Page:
The Audit Objective of External and Internal Audit

The Audit Objective of External and Internal Audit


For an audit firm in Johor Bahru to carry out audits, the auditors must have some audit objectives to be achieved. Audit objectives change according to the audit scope as well as the types of audit engagements. An internal audit may possess different purpose from a statutory audit or external audit.

As an instance, the purpose of auditing the financial statements is to examine whether the bookkeeping were done properly or the financial statements that the clients of the auditor have prepared are true and fair or not.

The external auditors need to make sure that the supporting documents which they acquire are sufficient and appropriate enough to assist them in expressing their opinion. This is the primary purpose of carrying out a statutory audit.

However, the objective of internal audits may be different from external audits. Generally, the purpose of having an internal audit is to apply audit procedures (Also see Audit Procedures – Its Methods, Benefits and Restrictions) objectively and independently to add value to the company.

The Objective of External Audit

Contrary to what most people believe, it is not the job of the external auditor to detect fraud within an organisation. The primary purpose of having a financial audit or external audit is to enable auditors to perform audits on financial statements using financial accounting (Also see Distinguishing Financial Accounting and Management Accounting) objectively and independently, as well as allow them to form their opinion whether:

– The financial statements that the management has prepared are true and fair in all material respects.

– The management has prepared the financial statements in all material respects, in a way that comply with a financial reporting framework which is applicable.

To satisfy these objectives, it is a must for the external audits to adhere to the guidelines of the MIA and other related authorities strictly. Occasionally, an external auditor has to follow the rules of the local professional bodies that the government has established.

The Objective of Internal Audit

In some companies, there is a department for internal audits. And you may have a question in your mind: Why does such a department exist?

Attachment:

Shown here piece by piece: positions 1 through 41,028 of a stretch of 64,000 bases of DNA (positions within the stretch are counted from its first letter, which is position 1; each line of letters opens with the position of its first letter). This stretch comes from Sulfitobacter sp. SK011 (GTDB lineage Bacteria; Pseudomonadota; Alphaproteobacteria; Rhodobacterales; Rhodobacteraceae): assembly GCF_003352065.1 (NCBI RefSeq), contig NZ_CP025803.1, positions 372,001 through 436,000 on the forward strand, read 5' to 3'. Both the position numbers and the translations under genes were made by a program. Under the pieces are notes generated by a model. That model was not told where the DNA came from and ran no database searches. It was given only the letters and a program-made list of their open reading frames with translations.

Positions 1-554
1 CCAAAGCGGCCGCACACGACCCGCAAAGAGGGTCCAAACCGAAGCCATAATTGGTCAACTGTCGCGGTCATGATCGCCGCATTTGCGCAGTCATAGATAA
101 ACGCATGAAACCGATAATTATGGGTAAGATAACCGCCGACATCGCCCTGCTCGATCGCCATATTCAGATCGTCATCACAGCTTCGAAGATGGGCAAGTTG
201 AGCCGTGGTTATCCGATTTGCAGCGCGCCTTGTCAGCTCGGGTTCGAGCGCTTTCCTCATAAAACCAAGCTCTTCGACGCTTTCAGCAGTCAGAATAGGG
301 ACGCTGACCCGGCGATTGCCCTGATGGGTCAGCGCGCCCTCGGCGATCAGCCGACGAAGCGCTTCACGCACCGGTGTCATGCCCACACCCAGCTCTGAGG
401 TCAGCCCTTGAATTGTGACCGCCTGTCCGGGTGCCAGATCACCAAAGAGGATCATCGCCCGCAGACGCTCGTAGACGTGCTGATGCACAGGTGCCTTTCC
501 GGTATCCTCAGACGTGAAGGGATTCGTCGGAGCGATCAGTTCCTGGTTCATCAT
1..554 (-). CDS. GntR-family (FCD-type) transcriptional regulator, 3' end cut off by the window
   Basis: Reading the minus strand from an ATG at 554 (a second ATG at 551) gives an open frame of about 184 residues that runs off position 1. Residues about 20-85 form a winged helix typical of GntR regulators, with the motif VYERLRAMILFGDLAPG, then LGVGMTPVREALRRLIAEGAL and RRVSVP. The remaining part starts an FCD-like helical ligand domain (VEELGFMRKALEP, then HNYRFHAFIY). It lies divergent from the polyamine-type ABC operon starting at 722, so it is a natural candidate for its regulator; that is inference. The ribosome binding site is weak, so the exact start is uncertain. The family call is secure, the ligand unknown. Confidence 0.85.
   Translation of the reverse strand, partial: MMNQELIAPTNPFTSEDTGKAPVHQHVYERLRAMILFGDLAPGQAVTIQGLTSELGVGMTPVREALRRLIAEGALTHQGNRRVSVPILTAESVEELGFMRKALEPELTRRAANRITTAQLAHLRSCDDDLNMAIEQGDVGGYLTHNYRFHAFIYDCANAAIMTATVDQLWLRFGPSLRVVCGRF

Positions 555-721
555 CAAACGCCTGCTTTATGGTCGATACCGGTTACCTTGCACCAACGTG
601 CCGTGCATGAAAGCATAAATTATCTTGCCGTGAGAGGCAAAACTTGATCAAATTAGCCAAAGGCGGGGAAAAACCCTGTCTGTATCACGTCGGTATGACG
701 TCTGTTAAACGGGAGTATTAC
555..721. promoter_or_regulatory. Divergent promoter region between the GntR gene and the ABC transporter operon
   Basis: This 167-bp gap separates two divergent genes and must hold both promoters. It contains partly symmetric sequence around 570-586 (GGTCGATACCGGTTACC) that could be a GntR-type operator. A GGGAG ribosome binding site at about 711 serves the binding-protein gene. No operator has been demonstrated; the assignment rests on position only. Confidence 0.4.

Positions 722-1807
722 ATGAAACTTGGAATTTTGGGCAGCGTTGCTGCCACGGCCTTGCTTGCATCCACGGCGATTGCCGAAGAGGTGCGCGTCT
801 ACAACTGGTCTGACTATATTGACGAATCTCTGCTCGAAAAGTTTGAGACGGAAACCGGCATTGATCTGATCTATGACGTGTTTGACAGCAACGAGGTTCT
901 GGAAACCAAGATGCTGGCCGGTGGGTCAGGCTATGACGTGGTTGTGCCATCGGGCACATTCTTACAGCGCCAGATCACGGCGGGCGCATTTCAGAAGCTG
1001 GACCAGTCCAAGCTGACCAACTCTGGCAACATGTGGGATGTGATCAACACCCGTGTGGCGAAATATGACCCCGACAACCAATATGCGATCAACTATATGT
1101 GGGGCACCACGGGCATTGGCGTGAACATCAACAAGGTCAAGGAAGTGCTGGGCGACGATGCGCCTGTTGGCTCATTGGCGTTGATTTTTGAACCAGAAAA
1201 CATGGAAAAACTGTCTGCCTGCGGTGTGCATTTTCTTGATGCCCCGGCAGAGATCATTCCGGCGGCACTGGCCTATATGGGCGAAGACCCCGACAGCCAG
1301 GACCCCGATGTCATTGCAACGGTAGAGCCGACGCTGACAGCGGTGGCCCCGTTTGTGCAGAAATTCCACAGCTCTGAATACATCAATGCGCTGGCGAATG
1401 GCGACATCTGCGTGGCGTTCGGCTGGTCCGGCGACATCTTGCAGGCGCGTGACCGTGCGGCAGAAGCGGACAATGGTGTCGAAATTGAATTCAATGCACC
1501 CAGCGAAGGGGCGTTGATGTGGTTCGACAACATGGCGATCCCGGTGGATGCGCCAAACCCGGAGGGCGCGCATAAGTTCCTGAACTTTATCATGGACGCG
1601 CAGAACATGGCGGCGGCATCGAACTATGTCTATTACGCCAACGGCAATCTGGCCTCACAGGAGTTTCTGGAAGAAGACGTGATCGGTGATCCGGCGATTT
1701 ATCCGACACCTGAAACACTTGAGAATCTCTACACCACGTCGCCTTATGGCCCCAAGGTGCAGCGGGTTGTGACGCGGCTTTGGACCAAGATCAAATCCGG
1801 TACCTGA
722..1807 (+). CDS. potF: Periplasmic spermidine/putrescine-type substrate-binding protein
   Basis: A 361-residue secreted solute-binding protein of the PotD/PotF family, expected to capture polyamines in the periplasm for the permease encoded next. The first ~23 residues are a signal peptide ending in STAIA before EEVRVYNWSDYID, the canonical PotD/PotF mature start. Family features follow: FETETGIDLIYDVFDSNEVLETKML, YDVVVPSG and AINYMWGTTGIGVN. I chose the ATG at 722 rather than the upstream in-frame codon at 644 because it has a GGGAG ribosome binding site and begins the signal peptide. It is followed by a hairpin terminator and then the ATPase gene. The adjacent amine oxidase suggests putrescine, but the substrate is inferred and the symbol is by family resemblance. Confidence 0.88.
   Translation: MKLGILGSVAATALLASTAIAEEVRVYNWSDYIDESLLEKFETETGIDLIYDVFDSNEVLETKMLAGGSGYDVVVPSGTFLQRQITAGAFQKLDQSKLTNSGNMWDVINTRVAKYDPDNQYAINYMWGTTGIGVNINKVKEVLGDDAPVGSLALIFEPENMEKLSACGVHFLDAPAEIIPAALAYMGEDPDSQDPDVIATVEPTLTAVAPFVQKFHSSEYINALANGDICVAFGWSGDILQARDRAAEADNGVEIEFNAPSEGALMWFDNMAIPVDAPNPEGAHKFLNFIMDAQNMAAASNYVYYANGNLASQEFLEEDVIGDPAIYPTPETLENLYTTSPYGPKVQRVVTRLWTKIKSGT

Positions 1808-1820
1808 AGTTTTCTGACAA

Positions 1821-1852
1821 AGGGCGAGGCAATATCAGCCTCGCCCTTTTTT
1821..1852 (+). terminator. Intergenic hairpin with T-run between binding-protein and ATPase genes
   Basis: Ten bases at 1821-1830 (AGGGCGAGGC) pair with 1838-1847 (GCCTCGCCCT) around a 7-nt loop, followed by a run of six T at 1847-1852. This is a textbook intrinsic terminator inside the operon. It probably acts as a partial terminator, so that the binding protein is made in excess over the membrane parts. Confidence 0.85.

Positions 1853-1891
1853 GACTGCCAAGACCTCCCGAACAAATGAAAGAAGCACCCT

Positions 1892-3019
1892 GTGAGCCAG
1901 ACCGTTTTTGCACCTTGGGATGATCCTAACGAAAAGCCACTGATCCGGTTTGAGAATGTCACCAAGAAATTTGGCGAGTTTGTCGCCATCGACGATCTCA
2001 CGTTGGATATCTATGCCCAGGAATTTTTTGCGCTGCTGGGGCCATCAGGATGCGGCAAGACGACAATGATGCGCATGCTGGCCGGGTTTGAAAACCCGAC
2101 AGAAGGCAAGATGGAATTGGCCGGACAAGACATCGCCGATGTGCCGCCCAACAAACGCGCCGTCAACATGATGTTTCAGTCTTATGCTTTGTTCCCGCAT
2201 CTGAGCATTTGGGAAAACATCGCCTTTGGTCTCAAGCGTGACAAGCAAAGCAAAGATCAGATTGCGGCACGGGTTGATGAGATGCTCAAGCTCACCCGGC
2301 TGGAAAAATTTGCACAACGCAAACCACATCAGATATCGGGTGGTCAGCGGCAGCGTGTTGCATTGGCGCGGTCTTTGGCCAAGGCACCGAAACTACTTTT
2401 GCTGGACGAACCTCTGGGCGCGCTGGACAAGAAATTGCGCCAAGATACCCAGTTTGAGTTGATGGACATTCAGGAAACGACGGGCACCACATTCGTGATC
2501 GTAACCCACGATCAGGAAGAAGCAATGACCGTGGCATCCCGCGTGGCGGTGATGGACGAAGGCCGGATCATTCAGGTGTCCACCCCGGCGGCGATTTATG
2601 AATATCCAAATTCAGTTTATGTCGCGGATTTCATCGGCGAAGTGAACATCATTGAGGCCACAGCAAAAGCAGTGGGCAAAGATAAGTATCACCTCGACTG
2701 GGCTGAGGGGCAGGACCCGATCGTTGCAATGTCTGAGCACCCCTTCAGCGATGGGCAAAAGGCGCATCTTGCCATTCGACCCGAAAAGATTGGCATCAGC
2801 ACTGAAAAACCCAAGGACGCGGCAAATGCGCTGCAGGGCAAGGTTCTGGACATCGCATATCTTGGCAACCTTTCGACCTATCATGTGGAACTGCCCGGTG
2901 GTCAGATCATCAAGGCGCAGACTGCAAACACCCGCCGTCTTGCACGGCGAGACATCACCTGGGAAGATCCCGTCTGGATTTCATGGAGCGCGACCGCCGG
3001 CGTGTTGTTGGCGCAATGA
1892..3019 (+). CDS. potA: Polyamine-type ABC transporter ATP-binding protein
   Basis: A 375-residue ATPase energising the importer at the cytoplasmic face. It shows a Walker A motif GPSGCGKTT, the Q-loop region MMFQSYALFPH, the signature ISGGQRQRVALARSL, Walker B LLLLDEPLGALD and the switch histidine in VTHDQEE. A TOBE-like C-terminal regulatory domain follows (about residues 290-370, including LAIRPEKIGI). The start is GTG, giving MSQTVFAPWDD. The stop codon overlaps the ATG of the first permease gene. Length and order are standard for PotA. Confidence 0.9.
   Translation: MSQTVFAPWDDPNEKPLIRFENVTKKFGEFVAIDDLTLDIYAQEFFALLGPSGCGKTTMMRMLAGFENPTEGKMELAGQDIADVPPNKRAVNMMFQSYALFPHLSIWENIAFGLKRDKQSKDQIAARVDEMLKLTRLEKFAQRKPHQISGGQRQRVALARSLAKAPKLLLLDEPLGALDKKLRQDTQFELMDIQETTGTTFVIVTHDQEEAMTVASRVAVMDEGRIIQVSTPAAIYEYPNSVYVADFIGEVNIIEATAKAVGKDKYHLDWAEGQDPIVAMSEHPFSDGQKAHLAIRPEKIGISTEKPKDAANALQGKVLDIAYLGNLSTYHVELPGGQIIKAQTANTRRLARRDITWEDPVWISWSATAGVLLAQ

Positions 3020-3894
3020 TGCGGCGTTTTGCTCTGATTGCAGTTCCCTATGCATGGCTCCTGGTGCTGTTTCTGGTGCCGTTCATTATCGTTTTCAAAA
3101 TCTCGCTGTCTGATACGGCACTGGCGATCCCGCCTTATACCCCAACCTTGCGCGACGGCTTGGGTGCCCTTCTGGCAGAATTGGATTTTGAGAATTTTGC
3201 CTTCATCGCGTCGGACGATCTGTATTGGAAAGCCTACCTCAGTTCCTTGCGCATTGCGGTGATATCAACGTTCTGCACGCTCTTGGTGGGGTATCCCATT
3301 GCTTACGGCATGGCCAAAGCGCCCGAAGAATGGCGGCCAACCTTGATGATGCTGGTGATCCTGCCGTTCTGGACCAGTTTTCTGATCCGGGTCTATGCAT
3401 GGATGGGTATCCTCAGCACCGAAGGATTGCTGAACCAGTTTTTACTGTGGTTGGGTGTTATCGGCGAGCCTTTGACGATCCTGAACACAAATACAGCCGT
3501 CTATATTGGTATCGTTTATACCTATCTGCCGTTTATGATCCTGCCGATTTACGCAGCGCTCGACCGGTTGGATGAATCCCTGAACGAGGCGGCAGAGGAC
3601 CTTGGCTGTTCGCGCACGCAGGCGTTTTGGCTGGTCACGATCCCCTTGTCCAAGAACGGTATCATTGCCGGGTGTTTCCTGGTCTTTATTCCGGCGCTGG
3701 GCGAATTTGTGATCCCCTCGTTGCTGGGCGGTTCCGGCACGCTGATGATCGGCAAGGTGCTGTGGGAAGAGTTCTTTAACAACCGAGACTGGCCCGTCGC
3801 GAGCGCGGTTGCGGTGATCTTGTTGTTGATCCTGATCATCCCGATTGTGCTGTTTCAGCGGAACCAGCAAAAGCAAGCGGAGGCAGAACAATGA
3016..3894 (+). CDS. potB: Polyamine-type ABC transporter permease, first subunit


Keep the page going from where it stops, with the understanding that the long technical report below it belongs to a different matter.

Generally, there are two main reasons for its existence. Firstly, for some organisations, it is demanded by regulation or law of the field that they are operating in. Secondly, it is part of the risk management of the organisation. It aims to reduce the risk of fraud by detecting internal control weakness across the organisation.

Sometimes, establishing a department for internal audit is to meet the criteria of the local legislation. For instance, a majority of the listed companies must establish an internal audit department to evaluate and examine the internal control for both financial reporting as well as operation (Also see What is a Test of Control).

The department for internal audit needs to be independent, and individuals who handle this department should possess certain qualifications. In some countries, if the companies want to recruit the chief of internal audit or the head of the department of internal audit, the companies must acquire the approval from a particular local body or authority. This is to make sure that the quality of this department has met the criteria.

In short, the primary purpose of having internal audits is to aid the organisation to evaluate and handle risks with its objectivity and independence by conducting highly systematic and independent work (Also see Audit Procedures That Helps in Detecting Fraud).


Thus, the objectives of the audit are various according to the audit scope and the types of the audit engagement. The purpose of auditing the financial statements is to allow the auditors to convey their opinion on those statements according to their professional assessment. Usually, the auditors will express four types of audit opinions.

The goal of having an internal audit is to act objectively and independently to add value to the firm by bringing the high discipline method to it.

To make sure that the internal audit can fulfil this purpose, the internal auditors have to ensure that they have introduced high discipline to the department. If the impairment of this exists, the audit committees are required to analyse the department of internal audit again.

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